There are various barriers to corporate pro bono work, including lack of malpractice insurance coverage, limited resources, and the transactional nature of the majority of in-house legal work. But at the end of the day, we’ve overcome many of these barriers, says Ann Warren, associate general counsel of Duke Energy Corp.
Federal and state authorities’ increased focus on the art and antiquities markets — seen this summer with Hobby Lobby’s much-publicized forfeiture of a large collection of ancient Mesopotamian tablets and cylinder seals — presents significant challenges for both legitimate and less scrupulous dealers and collectors, say Stephen Juris and Brian Remondino of Fried Frank Harris Shriver & Jacobson LLP.
Because of their unique style and wide appeal, elements of Dr. Seuss’ books have been borrowed by other authors who claim their works are protected parody. A review of these cases, including a decision last month in the Southern District of New York, provides helpful guidance on how the fair use defense applies to parodies, says Tal Dickstein of Loeb & Loeb LLP.
Last week, the Third Circuit delivered a win for employees with its decision in Secretary U.S. Department of Labor v. American Future Systems, which said the company's rest break policy violated the Fair Labor Standards Act. And, in a fun Friday-the-13th twist, the court managed to cite the "Harry Potter" books while authoring its opinion, says Ashley Falls of Falls Legal.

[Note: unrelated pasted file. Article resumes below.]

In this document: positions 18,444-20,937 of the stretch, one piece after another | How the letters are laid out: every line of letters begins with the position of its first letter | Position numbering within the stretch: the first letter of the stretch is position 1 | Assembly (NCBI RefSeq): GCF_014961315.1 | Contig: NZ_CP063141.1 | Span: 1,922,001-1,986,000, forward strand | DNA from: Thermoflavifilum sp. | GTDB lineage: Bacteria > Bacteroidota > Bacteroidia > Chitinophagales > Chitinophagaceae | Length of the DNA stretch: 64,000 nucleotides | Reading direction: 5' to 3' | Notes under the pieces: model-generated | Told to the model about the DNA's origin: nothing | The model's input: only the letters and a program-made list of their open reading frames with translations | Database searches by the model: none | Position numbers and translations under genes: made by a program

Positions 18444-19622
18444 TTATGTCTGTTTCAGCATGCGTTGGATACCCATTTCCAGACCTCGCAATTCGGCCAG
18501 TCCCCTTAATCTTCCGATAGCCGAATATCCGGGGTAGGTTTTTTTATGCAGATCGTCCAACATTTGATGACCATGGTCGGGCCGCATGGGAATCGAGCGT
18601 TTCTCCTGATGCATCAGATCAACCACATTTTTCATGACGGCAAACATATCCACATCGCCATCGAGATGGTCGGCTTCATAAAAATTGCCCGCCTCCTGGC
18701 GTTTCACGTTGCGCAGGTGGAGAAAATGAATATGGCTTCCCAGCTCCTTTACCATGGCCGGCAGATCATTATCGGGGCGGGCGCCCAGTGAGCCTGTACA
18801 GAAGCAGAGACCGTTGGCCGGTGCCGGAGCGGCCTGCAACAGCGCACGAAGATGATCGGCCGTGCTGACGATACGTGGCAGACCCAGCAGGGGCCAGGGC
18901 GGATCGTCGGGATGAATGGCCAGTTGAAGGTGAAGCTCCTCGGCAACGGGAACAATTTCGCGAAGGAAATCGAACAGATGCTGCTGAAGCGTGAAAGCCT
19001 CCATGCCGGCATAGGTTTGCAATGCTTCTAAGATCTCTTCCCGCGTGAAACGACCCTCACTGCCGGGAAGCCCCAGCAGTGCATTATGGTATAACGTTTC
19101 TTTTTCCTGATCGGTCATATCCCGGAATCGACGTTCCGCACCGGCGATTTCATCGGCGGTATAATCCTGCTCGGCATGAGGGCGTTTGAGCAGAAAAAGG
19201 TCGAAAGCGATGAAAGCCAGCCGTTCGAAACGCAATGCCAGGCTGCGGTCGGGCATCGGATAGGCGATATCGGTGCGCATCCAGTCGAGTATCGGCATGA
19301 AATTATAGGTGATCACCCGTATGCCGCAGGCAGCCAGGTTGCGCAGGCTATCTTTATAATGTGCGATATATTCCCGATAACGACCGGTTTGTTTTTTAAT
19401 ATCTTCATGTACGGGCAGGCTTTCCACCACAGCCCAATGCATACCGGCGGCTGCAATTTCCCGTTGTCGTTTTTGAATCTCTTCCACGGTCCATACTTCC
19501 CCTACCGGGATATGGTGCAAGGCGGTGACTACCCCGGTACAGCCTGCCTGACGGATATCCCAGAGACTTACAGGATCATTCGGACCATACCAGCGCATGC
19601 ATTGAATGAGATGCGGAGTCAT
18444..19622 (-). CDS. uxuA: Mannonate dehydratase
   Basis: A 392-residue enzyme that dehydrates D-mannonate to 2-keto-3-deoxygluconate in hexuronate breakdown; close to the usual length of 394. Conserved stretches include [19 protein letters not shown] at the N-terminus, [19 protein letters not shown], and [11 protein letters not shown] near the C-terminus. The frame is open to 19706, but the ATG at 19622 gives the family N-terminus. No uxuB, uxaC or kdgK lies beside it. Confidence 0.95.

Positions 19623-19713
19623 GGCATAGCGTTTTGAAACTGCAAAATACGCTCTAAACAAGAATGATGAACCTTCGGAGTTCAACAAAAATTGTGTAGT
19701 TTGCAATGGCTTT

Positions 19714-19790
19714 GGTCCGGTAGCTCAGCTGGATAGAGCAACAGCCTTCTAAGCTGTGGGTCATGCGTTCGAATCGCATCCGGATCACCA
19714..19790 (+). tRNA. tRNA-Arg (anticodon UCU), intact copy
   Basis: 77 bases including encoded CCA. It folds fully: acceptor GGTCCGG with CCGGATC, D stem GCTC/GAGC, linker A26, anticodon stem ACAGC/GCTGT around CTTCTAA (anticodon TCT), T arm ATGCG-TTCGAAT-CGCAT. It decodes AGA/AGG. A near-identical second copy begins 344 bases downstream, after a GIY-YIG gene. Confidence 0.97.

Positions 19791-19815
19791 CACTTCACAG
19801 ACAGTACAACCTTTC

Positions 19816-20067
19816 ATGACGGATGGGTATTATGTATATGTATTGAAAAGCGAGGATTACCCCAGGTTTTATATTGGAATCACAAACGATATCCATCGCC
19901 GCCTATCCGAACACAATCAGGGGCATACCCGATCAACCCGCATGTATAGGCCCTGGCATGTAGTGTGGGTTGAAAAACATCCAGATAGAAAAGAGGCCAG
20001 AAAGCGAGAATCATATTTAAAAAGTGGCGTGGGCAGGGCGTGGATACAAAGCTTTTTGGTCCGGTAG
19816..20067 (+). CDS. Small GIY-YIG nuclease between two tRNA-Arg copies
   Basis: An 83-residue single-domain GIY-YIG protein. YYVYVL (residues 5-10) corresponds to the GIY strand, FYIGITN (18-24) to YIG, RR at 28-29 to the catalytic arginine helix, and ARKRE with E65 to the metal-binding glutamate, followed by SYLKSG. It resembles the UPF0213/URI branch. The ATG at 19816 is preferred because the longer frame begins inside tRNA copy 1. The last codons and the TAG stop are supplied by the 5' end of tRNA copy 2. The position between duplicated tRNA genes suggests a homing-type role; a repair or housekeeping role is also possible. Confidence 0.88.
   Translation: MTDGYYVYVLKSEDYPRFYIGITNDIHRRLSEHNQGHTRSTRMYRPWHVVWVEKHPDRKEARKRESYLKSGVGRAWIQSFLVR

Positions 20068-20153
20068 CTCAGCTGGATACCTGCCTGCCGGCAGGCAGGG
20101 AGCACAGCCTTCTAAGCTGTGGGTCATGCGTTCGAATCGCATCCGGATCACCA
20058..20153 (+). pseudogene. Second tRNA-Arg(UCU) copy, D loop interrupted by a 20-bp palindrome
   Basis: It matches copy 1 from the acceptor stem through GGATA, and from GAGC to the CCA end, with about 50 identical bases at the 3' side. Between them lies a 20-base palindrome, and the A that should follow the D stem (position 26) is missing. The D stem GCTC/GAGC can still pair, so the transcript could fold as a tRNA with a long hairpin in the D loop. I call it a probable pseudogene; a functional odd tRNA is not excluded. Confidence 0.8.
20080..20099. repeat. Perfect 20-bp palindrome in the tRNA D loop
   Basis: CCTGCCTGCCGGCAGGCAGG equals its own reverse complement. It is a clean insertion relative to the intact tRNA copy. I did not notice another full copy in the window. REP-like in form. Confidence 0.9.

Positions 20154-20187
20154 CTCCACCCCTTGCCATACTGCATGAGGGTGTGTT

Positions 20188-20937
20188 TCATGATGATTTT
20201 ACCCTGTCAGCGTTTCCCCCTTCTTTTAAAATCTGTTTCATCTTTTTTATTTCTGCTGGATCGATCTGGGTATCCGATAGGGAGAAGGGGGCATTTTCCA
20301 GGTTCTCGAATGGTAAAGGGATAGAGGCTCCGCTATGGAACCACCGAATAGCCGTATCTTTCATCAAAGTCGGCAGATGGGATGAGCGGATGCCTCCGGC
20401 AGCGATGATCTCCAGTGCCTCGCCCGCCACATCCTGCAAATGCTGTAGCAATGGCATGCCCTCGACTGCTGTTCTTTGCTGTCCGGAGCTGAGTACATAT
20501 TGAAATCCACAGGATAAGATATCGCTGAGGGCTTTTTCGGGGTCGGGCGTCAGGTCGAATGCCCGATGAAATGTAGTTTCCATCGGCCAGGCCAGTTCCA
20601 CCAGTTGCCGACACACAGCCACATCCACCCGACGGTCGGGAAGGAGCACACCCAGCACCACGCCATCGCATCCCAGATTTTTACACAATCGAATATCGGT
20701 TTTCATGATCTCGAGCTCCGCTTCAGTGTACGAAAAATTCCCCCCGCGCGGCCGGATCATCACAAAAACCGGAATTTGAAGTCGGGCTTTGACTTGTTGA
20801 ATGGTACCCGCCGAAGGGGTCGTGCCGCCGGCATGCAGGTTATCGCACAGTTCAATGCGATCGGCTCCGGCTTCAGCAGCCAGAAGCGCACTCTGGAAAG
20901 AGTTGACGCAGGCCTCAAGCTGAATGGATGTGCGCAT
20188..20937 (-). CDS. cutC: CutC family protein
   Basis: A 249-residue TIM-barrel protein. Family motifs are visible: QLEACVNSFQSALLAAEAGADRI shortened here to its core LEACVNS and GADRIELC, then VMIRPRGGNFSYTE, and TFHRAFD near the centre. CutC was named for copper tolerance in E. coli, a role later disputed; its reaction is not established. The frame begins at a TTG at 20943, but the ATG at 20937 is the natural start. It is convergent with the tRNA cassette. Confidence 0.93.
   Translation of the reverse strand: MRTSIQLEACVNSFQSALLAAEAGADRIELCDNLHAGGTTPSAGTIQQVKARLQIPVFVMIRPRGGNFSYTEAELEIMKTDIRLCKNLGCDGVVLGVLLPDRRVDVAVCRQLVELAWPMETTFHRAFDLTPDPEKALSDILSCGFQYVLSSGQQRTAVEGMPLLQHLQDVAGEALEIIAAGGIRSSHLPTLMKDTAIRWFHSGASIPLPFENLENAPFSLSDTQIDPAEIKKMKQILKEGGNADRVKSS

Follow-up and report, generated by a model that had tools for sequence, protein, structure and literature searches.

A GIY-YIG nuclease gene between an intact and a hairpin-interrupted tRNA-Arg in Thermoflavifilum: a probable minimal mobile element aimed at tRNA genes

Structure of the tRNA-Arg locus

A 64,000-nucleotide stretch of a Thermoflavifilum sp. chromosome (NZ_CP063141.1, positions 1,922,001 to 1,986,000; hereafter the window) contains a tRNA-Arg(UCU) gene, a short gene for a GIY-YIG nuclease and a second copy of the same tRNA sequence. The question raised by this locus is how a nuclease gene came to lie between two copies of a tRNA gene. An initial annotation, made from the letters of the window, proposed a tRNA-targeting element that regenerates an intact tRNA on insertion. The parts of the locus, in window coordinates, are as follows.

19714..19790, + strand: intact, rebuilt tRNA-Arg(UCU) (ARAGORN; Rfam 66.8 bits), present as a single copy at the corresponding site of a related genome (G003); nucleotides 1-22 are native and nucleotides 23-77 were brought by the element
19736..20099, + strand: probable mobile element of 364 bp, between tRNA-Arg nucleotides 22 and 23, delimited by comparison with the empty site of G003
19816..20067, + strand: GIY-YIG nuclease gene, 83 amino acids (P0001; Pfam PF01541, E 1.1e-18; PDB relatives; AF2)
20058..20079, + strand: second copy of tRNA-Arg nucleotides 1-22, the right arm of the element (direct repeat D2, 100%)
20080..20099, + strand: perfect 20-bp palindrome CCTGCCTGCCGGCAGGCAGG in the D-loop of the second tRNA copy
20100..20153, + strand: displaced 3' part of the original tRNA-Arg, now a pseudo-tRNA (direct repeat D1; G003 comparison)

Today's law firm chief financial officer should be involved in many areas beyond traditional financial management, including operations, risk management and information technology. He or she can support strategic planning throughout the process, from development of the plan to its implementation, measurement and eventual evolution, say Tyler Quinn and Marc Feigelson of Kaufman Rossin PA.
In U.S. v. Dish Network, currently on appeal to the Tenth Circuit, the district court awarded statutory damages of $280 million in favor of the U.S. and the four plaintiff states. Buried among the thousands of pages of interlocutory orders issued by the district court is a warning that should be heeded by all parties that are the subjects of governmental investigations, say attorneys with Troutman Sanders LLP.